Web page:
I was a bit skeptical of this statistic when I saw it; a quarter of young people having such strong, adverse reactions to the pandemic seemed a bit incredible to me.  I looked up the study and sure enough Wellmon is accurately portraying the findings, although I am still a bit skeptical.


First, this was a Qualtrics survey, so recruitment was presumably done among Qualtrics panelists.  My suspicion is that online panelists are a bit unrepresentative of the general population, but one way to counteract this is to use weights which this study did (although it appears the weights were based on only a few core demographic variables–gender, age, and race).  The write-up in MMWR says that respondents were informed of the study purposes beforehand, and so one wonders if that drew on people who were more likely to see themselves as victimized by the pandemic.

Second this appears to be a relatively lengthy survey with 86 questions gauging people’s adverse emotional reactions to the pandemic.  Doing a survey online with so many questions tapping into relatively similar things can be pretty mind-numbing, and lends itself to careless responses.  This does not automatically translate into upwardly-biased estimates, but is just a reservation I have.

Third, the question on substance abuse explicitly asks people to attribute their behaviors to the pandemic, and I am not a fan of asking people for their conscious motivations for their behavior.  The question on suicide does not do this, but still it is being fielded in a survey that informed its participants upfront that it was looking at the effects of the pandemic on people’s lives.  Again, this does not mean the percentage is biased upward but is another reservation I have.  If it was me doing the study, I would have minimized mention of COVID-19 and tried to mimic questions about substance abuse and suicidal ideation that are fielded in other recent surveys (pre-pandemic) and just do a pre/post comparison.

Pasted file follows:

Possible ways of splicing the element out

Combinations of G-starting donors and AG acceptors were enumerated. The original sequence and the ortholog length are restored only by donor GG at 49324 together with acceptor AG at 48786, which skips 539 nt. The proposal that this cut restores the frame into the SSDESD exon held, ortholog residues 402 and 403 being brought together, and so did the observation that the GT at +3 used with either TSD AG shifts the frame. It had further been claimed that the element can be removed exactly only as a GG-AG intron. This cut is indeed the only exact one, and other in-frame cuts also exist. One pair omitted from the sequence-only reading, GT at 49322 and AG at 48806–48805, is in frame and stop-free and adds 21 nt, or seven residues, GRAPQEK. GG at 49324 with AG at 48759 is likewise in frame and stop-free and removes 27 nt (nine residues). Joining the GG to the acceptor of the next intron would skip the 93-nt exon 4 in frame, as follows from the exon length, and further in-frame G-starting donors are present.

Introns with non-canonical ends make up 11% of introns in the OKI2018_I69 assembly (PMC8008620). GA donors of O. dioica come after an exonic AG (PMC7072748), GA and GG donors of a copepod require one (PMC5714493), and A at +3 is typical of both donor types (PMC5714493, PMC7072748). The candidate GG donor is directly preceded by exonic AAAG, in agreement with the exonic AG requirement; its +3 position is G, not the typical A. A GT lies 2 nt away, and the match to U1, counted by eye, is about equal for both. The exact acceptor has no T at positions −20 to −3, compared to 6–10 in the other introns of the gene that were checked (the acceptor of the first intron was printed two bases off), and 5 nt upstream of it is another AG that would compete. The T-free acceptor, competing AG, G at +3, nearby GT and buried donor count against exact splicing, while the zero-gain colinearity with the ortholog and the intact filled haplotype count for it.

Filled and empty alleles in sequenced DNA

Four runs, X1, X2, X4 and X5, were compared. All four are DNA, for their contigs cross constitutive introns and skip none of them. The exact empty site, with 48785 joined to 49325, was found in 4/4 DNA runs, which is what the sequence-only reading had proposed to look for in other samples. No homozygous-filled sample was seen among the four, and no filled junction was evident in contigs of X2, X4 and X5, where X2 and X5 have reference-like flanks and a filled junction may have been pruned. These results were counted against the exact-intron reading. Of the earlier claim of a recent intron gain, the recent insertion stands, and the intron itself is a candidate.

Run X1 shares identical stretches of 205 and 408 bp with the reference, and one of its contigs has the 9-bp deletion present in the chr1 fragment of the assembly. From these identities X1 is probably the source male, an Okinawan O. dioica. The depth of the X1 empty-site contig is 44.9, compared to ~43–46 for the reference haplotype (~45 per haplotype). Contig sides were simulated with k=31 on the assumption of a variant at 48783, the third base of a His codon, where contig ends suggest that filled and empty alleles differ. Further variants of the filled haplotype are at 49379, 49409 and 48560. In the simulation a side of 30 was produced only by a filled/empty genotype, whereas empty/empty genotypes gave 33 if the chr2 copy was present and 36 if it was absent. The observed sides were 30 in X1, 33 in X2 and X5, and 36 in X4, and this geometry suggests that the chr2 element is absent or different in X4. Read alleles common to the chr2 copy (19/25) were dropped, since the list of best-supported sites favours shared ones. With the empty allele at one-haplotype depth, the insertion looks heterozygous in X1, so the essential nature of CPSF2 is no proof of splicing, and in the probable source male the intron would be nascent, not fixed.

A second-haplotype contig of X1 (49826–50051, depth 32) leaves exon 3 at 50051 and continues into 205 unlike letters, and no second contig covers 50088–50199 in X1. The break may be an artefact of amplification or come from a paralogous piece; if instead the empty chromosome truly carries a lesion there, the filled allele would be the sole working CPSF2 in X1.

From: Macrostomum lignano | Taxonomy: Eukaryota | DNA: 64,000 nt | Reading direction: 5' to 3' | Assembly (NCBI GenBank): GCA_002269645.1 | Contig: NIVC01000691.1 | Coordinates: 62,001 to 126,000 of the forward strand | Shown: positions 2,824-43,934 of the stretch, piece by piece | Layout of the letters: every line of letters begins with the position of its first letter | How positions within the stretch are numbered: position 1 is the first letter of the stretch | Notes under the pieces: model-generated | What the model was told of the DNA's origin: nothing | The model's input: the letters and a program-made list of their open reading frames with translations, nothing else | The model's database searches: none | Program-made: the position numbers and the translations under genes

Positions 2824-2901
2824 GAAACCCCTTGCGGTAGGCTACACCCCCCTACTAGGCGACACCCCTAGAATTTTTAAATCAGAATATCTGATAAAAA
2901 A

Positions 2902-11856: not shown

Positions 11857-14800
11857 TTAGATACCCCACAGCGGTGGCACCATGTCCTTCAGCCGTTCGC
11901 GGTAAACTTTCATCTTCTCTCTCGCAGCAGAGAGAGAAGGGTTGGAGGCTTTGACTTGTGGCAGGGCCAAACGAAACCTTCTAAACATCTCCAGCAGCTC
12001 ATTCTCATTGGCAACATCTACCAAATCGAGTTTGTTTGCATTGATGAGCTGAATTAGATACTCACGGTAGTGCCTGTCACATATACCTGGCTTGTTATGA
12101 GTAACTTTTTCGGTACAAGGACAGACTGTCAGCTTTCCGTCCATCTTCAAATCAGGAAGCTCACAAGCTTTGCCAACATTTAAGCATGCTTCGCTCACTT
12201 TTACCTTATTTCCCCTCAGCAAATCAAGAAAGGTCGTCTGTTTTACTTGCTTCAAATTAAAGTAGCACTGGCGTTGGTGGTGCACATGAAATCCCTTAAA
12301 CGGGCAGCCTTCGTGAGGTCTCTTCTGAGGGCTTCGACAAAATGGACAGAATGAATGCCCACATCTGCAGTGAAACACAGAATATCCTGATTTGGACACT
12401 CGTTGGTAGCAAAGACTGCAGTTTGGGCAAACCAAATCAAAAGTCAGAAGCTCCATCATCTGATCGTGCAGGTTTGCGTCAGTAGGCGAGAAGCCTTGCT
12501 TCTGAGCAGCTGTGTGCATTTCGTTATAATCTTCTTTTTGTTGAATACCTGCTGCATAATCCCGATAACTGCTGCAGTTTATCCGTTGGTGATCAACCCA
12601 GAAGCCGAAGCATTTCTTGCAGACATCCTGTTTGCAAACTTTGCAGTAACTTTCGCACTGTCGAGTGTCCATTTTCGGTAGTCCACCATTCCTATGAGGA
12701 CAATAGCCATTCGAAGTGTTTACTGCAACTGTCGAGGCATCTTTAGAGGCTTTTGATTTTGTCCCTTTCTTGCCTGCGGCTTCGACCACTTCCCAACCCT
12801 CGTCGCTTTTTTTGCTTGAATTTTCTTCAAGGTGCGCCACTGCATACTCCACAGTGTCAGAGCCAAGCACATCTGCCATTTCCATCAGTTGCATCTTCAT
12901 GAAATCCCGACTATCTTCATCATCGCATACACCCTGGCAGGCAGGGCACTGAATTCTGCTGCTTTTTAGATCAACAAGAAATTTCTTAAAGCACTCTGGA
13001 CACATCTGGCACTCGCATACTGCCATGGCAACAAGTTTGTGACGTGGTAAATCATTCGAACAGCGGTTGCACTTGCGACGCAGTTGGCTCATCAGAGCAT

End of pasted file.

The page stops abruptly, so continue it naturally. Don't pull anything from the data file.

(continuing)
And of course, starting or increasing substance use is pretty vague and one can imagine a lot of situations where someone would say yes but still not suffering from substance misuse disorder.  This does not just include people becoming alcholics or misusing opioids.  For the record, the study says that substance use was defined as use of “alcohol, legal or illegal drugs, or prescription drugs that are taken in a way not recommended by your doctor.”  (p. 1051).

I note that the percentage of young people also are also classified as suffering from anxiety disorder, depressive disorder, or trauma or stressor-related disorder (TSRD) also are quite high and I would guess we have a similar problem of quite broad conceptual definitions